Herpes is a common illness that affects the oral and genital regions in men. The herpes simplex virus is often spread through sexual contact, and the condition often goes unrecognized and undiagnosed, according to the American Social Health Association. This can be caused by the mildness of the herpes outbreak or by misattributing the signs of herpes to some other ailment. Symptoms of herpes in men are the same as they are in women with the exception of the location of the blisters.
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Some men experience a brief period where no symptoms of herpes exist and others may not ever have symptoms of the infection. This is called asymptomatic herpes. The period of time from initial infection to the first outbreak can vary significantly from one person to another depending on the man's immune system response. The first outbreak, if one is going to occur, tends to appear within one or two weeks following infection states the University of Maryland Medical Center. It is impossible to know what will trigger the virus to wake and create the characteristic symptoms of herpes, but this can occur at any time after the virus has entered the body. Following the first outbreak a man may have frequent outbreaks with a short break in between, he may go long spans of time between outbreaks or he may never have another outbreak. Despite a lack of symptoms, a man can still infect others with the virus states the American Social Health Association.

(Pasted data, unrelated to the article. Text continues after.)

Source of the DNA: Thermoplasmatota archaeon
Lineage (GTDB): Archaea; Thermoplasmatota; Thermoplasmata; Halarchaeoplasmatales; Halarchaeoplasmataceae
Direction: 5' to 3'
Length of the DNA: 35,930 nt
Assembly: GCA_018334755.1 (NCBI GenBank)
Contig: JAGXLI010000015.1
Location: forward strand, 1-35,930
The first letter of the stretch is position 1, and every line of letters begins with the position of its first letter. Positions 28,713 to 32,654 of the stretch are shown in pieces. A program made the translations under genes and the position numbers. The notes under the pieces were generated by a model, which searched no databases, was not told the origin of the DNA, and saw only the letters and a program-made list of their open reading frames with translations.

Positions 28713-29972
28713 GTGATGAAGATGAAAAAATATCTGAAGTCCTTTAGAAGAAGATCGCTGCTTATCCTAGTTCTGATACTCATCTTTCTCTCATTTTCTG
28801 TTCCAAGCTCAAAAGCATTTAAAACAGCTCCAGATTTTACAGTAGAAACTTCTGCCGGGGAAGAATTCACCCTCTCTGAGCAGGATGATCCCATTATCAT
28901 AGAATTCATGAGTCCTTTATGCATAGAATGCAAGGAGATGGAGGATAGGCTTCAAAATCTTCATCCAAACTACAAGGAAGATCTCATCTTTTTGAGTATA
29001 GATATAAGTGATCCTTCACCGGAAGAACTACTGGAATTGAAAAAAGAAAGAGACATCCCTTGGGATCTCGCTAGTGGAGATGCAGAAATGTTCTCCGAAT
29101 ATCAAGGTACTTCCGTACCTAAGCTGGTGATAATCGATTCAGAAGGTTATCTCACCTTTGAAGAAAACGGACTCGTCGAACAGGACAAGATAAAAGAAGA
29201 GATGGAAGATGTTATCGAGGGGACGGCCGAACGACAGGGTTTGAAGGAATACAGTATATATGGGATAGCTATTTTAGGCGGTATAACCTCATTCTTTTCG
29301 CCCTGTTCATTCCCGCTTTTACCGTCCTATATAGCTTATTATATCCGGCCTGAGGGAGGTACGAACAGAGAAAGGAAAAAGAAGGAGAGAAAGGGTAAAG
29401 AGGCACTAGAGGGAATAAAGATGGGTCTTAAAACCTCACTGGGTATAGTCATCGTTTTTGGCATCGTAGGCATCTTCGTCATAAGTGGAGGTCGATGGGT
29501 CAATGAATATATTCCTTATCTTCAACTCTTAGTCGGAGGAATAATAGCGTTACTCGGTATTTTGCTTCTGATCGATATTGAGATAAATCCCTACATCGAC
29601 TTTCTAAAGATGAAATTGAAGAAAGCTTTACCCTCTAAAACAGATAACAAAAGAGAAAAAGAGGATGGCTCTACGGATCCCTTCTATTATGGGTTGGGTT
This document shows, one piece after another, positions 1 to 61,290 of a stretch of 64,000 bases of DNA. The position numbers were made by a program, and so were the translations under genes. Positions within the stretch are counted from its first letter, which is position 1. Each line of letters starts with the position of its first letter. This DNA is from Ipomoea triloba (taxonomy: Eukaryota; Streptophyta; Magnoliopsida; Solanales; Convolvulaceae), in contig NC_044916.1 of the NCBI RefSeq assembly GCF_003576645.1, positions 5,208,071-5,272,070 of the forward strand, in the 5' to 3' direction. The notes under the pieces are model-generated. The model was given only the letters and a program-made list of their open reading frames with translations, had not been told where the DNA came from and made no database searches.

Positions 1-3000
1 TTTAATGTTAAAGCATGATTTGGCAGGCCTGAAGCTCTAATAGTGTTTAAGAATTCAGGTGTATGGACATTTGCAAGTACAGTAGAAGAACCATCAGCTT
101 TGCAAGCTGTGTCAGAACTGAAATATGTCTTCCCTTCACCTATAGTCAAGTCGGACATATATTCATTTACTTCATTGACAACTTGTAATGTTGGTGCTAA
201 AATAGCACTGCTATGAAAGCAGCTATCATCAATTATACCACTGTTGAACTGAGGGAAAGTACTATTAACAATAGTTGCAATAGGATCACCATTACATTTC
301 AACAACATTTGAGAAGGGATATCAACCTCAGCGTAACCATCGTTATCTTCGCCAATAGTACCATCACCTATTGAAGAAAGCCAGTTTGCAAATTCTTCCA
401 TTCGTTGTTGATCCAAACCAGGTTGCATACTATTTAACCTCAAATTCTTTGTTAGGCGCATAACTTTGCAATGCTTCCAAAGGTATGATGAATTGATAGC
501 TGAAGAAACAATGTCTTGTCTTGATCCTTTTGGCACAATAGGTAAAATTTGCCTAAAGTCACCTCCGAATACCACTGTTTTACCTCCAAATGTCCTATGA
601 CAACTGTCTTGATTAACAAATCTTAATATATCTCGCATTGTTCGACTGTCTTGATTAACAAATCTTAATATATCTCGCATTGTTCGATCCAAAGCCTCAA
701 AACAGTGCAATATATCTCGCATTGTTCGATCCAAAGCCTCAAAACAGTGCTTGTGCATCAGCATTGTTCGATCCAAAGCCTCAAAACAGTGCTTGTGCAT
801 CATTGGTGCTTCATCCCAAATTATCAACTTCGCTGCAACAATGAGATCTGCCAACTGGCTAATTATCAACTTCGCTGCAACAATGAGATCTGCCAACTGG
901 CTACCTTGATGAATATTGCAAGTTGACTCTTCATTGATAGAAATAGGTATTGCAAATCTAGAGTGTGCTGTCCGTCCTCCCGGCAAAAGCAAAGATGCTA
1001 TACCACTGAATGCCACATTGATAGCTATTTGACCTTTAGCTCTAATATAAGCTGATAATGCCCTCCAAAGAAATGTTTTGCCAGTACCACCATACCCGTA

A variety of skin sensations appear during the early phase of the herpes infection. These sensations affects the lips, oral mucus membranes, buttocks, thighs and genitals states the American Social Health Association. Such sensations are called prodrome signs, or warning signs of the outbreak. Tingling, redness, burning, itching and pain are all possible prodrome symptoms of herpes in men.
About 40 percent of men develop flu-like symptoms with a herpes outbreak according to the University of Maryland Medical Center. This can include headache, muscle aches, fever and swollen glands. The glands that swell tend to be in the groin or neck area depending on whether the man has genital or oral herpes. Glandular swelling can vary from one man to another and from one outbreak to another with the most likely result being swelling closest to the site of infection. Flu-like symptoms can occur right before the blisters appear or after one crop has developed and a second is about to form.
Prodrome symptoms are followed by the development of small, fluid-filled blisters. These blisters will eventually burst, ooze pus or blood and scab over. The initial outbreak can take about three weeks from warning signs to healing states the University of Maryland Medical Center. Recurring outbreaks may take as few as three to seven days.